Mechanisms of Protein Localization in Cryptococcus neoformans Mediate Virulence and Immune Recognition
Cryptococcus neoformans is an opportunistic fungal pathogen that causes significant disease and death in immunocompromised populations, in particular among those with advanced HIV infection. This fungus is found ubiquitously in the environment and acquired through inhalation into the respiratory tract followed by dissemination to the central nervous system in immunocompromised individuals. The ability for C. neoformans to sense and adapt to the host environment is crucial to its success as a pathogen. Many C. neoformans proteins require proper subcellular localization for their function, and as such this fungus carefully regulates the localization of proteins involved in important cellular processes related to host adaptation.
Fungal growth and morphogenesis, as well as thermotolerance and virulence are controlled by conserved Ras-like GTPases. These proteins require proper localization for full function and are directed to cellular membranes through the posttranslational modification process known as prenylation. Using the tools of fungal genetics and molecular biology, we establish that the C. neoformans RAM1 gene encoding the farnesyltransferase -subunit is required for thermotolerance and pathogenesis. We also identified and characterized post-prenylation protease and carboxyl methyltransferase enzymes in C. neoformans, demonstrating that these later steps have only subtle effects on stress response and fungal virulence. By fluorescent microscopy and molecular biology, we show that Ram1 is required for proper subcellular localization of Ras1, but not Cdc42, and that the post-prenylation processing steps are dispensable for the localization of these substrate proteins.
C. neoformans dramatically alters its cell wall upon entering the host in order to facilitate immune avoidance. Using the tools of forward genetics, we identified a novel cell wall regulatory protein, Mar1. We have demonstrated that this protein is required for capsule attachment and full virulence in mouse models of infection. Using staining and biochemical techniques, we have characterized the cell wall of mar1∆ mutant cells, and by fluorescent microscopy we have demonstrated that the -(1,3)-glucan synthase catalytic subunit, Fks1, is mislocalized in mar1∆ cells. Using in vitro co-culture models, we have determined that the mar1∆ cell wall induces increased macrophage activation that is dependent on the Card9 and MyD88 adaptor proteins, as well as the Dectin-1 and TLR-2 pattern recognition receptors.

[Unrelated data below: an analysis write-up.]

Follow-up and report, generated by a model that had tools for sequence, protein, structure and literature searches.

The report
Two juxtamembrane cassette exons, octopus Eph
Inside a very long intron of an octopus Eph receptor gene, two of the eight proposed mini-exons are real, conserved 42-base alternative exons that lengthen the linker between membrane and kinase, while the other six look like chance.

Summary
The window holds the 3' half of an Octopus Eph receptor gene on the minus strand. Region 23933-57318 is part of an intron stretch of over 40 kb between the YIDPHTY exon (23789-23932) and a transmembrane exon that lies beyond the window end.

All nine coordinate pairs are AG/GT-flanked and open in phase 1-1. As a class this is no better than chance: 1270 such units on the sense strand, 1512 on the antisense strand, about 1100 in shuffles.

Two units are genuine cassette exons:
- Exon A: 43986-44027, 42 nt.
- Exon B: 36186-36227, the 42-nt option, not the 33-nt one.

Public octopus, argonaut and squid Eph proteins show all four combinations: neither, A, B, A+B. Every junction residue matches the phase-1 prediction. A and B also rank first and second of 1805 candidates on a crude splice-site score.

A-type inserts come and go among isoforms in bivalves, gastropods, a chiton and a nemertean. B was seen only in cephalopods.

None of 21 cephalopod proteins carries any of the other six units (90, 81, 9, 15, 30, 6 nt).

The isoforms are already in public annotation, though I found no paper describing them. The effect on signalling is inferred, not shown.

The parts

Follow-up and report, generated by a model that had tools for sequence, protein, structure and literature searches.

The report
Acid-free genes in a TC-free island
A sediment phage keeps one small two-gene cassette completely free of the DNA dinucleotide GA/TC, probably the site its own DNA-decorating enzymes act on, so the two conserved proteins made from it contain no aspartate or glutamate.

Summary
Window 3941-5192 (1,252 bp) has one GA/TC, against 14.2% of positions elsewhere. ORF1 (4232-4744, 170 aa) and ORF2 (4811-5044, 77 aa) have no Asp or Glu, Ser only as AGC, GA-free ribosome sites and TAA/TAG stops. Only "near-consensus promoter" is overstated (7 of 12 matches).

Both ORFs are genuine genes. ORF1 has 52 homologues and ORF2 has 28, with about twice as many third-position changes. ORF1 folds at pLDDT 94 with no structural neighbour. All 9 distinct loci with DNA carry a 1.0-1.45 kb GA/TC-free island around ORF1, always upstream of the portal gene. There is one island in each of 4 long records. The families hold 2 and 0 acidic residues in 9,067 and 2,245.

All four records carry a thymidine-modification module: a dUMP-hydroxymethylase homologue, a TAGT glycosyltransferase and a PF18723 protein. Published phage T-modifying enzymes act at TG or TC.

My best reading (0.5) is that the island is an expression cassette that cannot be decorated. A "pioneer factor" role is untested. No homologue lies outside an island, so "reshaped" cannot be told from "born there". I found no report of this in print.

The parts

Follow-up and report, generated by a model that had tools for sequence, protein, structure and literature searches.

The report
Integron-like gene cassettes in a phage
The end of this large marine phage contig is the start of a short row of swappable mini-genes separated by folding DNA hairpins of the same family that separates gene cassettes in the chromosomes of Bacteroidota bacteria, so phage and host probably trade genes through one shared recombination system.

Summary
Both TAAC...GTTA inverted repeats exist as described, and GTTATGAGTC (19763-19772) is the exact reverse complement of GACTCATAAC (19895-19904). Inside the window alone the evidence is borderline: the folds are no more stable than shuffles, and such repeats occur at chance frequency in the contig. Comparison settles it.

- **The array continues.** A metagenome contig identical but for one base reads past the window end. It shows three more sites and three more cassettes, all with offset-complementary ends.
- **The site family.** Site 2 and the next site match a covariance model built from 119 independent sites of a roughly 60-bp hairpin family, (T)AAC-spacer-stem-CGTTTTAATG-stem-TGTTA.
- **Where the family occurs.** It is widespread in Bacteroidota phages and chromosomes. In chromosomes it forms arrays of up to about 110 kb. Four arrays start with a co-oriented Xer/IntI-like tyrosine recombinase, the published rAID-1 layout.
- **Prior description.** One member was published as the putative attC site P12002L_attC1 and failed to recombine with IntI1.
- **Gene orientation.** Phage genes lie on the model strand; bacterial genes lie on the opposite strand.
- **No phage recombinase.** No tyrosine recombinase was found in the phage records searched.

To further understand the impact of the Mar1 protein on the host-pathogen interaction, we used in vivo mouse models to characterize the pathogenesis and immune response to this strain. Using histopathology and light microscopy, we have shown that mar1∆ cells induce granulomas in the lungs of infected mice, an in in vitro co-culture models we have demonstrated that the mar1∆ strain induces increased markers angiogenesis. Finally using immunization strategies, we show that the mar1∆ strain does not induce a protective response against a secondary lethal challenge.
Lastly, using bioinformatics tools and batch sampling, we developed a novel computational tool to more efficiently analyze mutants of interest generated by forward genetic screens. We demonstrate the efficacy of this tool through proof of principle experiments that led us to the discovery of the Mar1 protein described above. Additional projects in our lab and others have already utilized this mutant analysis tool in C. neoformans and we propose that it can be ultimately applied to a wide range of experimental systems and methods of mutagenesis, facilitating future microbial genetic screens.
This work is licensed under a Creative Commons Attribution-Noncommercial-No Derivative Works 3.0 United States License.
Rights for Collection: Duke Dissertations